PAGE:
An Approach to Language in GLOBAL Trials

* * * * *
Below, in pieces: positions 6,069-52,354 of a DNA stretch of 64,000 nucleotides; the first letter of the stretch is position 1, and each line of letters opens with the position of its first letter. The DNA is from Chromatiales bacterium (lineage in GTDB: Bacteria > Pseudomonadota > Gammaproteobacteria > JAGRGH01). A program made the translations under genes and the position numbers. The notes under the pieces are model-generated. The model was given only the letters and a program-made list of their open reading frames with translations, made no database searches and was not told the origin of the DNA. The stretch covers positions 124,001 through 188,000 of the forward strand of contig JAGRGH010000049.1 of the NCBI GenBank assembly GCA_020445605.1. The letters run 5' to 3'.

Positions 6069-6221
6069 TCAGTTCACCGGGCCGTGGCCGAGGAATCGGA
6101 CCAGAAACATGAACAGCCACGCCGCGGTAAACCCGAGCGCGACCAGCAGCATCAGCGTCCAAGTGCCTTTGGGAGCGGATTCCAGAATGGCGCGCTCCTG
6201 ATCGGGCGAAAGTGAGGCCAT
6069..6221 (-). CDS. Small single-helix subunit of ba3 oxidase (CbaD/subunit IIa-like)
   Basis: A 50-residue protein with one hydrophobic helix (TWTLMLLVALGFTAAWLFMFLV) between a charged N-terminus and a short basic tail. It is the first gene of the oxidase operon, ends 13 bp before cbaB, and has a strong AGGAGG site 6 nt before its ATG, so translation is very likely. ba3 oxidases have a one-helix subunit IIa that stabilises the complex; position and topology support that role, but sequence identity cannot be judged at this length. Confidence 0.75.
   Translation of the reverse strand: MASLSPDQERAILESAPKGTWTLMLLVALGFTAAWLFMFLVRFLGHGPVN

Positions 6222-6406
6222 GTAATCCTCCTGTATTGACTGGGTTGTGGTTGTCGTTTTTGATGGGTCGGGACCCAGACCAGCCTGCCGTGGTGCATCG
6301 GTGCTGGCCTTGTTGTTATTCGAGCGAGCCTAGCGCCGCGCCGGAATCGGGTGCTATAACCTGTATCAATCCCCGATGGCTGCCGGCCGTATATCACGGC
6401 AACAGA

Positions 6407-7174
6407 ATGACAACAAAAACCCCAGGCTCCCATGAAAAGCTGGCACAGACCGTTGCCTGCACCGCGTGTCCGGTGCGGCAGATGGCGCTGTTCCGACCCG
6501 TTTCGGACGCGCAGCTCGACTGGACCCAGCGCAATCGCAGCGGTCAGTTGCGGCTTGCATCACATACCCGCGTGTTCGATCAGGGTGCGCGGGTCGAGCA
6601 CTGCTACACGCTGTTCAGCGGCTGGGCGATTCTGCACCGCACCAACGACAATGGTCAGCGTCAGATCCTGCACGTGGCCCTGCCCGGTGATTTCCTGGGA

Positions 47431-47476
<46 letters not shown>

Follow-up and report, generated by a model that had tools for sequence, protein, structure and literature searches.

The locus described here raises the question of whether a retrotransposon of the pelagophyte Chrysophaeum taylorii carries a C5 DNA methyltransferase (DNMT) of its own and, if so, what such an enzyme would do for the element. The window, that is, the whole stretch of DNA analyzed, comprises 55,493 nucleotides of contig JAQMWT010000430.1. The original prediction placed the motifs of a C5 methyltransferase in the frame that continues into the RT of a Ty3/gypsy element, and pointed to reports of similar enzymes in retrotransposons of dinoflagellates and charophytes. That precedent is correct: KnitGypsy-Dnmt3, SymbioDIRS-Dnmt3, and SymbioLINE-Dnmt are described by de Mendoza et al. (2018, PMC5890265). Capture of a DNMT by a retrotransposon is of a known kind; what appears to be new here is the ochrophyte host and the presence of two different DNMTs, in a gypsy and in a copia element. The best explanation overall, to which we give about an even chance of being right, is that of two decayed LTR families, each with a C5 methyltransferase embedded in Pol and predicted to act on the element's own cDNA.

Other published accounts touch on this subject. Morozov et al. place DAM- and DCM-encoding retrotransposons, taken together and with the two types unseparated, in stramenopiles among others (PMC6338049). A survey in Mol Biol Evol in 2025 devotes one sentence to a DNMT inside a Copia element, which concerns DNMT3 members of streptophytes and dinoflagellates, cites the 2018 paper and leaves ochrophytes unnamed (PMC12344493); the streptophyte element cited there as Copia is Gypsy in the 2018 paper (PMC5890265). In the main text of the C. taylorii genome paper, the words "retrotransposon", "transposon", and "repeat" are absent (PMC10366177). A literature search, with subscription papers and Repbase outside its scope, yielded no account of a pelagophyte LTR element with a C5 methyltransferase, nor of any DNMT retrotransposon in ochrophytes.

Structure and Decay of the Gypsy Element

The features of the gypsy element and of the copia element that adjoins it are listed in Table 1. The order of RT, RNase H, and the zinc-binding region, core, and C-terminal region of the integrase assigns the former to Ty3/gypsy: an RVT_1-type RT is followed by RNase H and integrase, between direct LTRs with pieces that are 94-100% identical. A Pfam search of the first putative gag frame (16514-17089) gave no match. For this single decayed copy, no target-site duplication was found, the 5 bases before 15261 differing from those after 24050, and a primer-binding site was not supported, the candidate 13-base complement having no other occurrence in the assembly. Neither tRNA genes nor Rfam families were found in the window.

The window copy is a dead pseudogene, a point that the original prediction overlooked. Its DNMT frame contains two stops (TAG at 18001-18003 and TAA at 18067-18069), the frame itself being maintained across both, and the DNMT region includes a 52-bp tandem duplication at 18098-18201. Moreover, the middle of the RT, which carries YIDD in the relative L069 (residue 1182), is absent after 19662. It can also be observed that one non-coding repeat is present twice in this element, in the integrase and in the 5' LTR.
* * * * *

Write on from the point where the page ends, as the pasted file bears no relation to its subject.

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Informed consent procedure requires that written consent be translated into the patient’s native language, and any unique cultural aspects be taken into account. In addition, many countries have multiple language translation requirements, depending on the population demographics. When linguistic differences and key cultural factors are not considered, they can ethically compromise the process of informed consent, decrease patient compliance, and negatively affect patient enrollment. These factors, therefore, must be well-understood before initiating clinical trials in a specific region. Central and Eastern Europe and Russia The most dominant Central and Eastern Europe countries in clinical research include many countries that have recently joined the European Union, such as the Czech Republic, Poland, Hungary, Romania, and Bulgaria. Approval for clinical trials in Central and Eastern Europe is divergent and still in flux. No two countries have the same review structure or evaluation procedures for IRBs. In Bulgaria, for example, the local Ethics Committee of the respective clinical site must approve clinical trials, and approval times by the Ministry of Health may average up to nine weeks. In Russia, the Ministry of Health must first issue approval, which usually takes up to two months. In addition, clinical-trial applications must be reviewed by the National Ethics Committee, which may take an additional month (Cordab 2006). Currently, the European Union member states are striving to harmonize their regulatory approval procedures. Following the addition of several Central and Eastern Europe countries to the EU, many physicians proficient in English left in pursuit of better work opportunities in Western Europe. Thus, the rate of English proficiency among investigators has decreased. In addition, English proficiency among subjects in CEE is lower than in Western Europe (European Commission Survey; February 2006). Each country requires that all documents be translated into its native language(s). Some countries may have multiple language translation requirements, such as Ukraine where both Ukrainian and Russian translations are necessary. Each of these countries has a unique culture that should be considered separately. However, CEE and Russia have some common cultural factors that affect clinical research, especially the patient/physician relationship. In contrast to the United States where patients are more likely to question their physician’s recommendations, the majority of patients in this region are more amenable to following their physician’s suggestions, including the recommendation to participate in clinical trials. Latin America Argentina, Mexico, and Brazil currently have the most established regulatory environments and conduct the largest number of clinical trials. In most Latin American countries, the approval times for the Ministries of Health can range from 30 to 90 days. Several Latin American countries have specialized Ethics Committees for the approval of clinical trials involving indigenous populations. Approval times for the majority of Ethics Committees or IRBs are typically 30 to 60 days. Most Latin American regulatory bodies are working to increase their clinical-trial resources and shorten approval times (Glancszpigel 2003). Clinical-trial documents must be translated into Spanish in most of Latin America, with the exception of Portuguese in Brazil. But there are many regional differences in spoken Spanish as a result of influences from dominant indigenous and immigrant groups. These differences must be taken into account, especially during patient recruitment. In addition, every country in Latin America has a unique culture, and there are regional differences within each country. For example, Argentine and Mexican Spanish differ significantly, and Mexico City is different from Mexico’s Yucatan Peninsula in terms of local dialects and culture. Other factors that affect patient recruitment in the region are poverty and illiteracy. The importance of family in Latin American culture, and family decision making regarding medical treatment, must also be taken into account. Similar to Central and Eastern Europe, patients in Latin America do not often question their physician’s recommendations. As a consequence, their physician’s recommendation greatly influences the decision to enroll in clinical trials. In addition, economic factors play a significant role among many patient populations in Latin America, as many patients have no other treatment options available to them. India, China, and Southeast Asia South Korea and Singapore are currently the most efficient and predictable for regulatory approval in Asia. For example, the process in South Korea has been so streamlined, that approval by the Korea Food and Drug Administration (KFDA) can be completed within one month. The IRB approval process occurs in parallel, further facilitating the process. China and India have become primary offshoring locations. China currently has the longest approval time in the region, up to nine months, because of the fact that clinical-trial applications must pass through six regulatory approval bodies. In India the average time for regulatory approval is 10 to 16 weeks. Approval from local Ethics Committees at the site level occurs in parallel, facilitating the initiation of clinical trials (Varawalla 2006). Although English is considered a second language in the majority of Asian countries involved in clinical research, many of the less educated subject populations have limited, if any, proficiency in the language. Despite the prevalence of English in India, for example, English proficiency is low among many clinical-trial subjects, and several other languages are dominant among much of the population. In China, low English proficiency among the majority of Chinese subjects is an even greater issue. In addition to Mandarin Chinese, there are several other secondary languages, which present further communication barriers. In addition to language barriers, there are several cultural differences that must be taken into account. For example, it is less culturally acceptable for physicians to disclose a patient’s complete diagnosis, especially in the case of terminally ill patients. As a result, physicians will often only partially disclose potential risks to study participants. Family hierarchy plays a major role in Asia. The more senior family members, predominantly males, are generally responsible for making decisions about medical issues. Patient/physician relationships are traditionally different in the East than the in West. Recommended participation in clinical trials is widely accepted without question. In India and China, as well as several other countries in Asia, economic factors and access to medical care also play a pivotal role in patient recruitment. F Source: Language Connections. For more information, visit languageconnections.com. Most international sponsors who conduct multinational clinical trials are aware of the importance of native language communication in clinical research. An Approach to Language in GLOBAL Trials 8 Factors Likely to Affect the Flow of Outsourcing to Emerging Countries 1 Competing demand for sites and patients in the West may in fact diminish as the pull-back in biotech and small pharma funding is likely to lead to fewer studies, even with big pharma acquisitions. The biotech and small pharma companies often focused their clinical activities close to home in the West, hence any pull-back in trials will be disproportionate in the West. 2 The supply of investigators in the West may stabilize. There are physician/clinical surveys indicating that as the result of stock and equity decline many of the most productive investigators in the West who were nearing early retirement cannot afford to do so for several more years. 3 The supply of nurses available as study coordinators may actually increase. A large number of nurses who left nursing practices in affluent countries (especially the United States) may return to the fold for economic reasons. 4 The relative supply of CRAs and other trial management staff in the West may actually increase with the current rate of big pharma and biotech layoffs. 5 Adverse economic conditions may make clinical-trial participation a more intriguing option for a broader socio-economic range of patients in the West. 6 There is growing coverage in mainstream press (even the Wall Street Journal) about the “abuses” by the industry in international trial conduct. Also in India, a key emerging market, there are growing voices of concern expressed about abusive practices of the clinical research industry. 7 In many of the most important emerging countries, the escalating influx of studies has saturated the limited number of ICH GCP qualified investigators. 8 There could be an escalation in U.S. FDA regulatory inspection and enforcement actions that focus on international clinical-trial locations. The FDA is opening new offices in key emerging countries, and the GAO has very recently put focus on the need for inspections of foreign manufacturing sites. Source: Larry Meinert, M.D., senior VP, medical and scientific affairs, clinical development services, Covance. For more information, visit covance.com